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how are steam reverser/johnson bar and throttle used?

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  • Member since
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  • From: somerset, nj
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how are steam reverser/johnson bar and throttle used?
Posted by gregc on Tuesday, February 05, 2019 4:57 PM

my understanding is the the reverser/Johnson bar controls cutoff, the percentage of the piston stroke that steam is allowed to enter the piston.   The longer the cutoff, the longer high pressure steam is forced against the piston.   After cutoff, steam pressure will drop as the volume expands.

but cutoff needs to be reduced at higher speeds to reduce the amount of steam in the piston that needs to be force out when the piston changes direction.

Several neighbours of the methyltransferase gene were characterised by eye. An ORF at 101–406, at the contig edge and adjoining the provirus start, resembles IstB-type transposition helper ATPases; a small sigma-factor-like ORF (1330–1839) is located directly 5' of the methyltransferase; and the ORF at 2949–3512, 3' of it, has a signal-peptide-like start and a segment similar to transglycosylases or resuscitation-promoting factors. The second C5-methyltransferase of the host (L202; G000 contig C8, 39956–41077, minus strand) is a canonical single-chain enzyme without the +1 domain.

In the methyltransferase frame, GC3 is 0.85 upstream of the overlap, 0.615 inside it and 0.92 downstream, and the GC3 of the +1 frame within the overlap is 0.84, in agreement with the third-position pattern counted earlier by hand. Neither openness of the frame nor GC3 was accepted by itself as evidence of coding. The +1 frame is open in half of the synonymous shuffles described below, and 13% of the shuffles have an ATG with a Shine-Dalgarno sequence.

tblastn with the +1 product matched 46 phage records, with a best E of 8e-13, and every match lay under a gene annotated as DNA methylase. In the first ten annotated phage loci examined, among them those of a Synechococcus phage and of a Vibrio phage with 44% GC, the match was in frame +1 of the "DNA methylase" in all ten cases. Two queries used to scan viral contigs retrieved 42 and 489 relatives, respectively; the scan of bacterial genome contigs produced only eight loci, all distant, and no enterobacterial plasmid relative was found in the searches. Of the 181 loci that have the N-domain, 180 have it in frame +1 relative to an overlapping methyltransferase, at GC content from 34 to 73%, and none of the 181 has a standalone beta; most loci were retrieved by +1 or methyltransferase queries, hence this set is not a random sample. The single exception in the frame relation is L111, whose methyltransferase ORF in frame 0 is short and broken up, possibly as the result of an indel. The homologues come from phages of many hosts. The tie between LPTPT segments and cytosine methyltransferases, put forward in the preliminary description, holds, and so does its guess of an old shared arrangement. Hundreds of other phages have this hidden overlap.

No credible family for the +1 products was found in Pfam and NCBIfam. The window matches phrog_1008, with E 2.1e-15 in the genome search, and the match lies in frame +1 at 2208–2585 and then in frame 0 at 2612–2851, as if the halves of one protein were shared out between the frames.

presumably the cutoff can reduced significantly once at the desire speed to maintain that speed.

i've read that there is a throttle that "regulates" the steam pressure to the piston -- limits flow to reduce it to less than full boiler pressure.

while both the throttle needs to be open to allow the highest pressure and cuttoff delayed at long as possible to maximize horsepower when starting, it seems that both cutoff and thottle can be reduced to reduce horsepower.

 

can someone explain how cutoff and the throttle are properly used?

greg - Philadelphia & Reading / Reading

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Posted by selector on Tuesday, February 05, 2019 7:43 PM

You can indeed 'regulate' the volume of steam, and therefore the pressure admitted to the cylinders, by 'cracking' open the throttle/regulator.  It's like a choking point. But for any one setting of the reverser, the valves will still eventually cut off the admission of steam, and what steam has been admitted must now do all of the work to get the piston to the turn-around.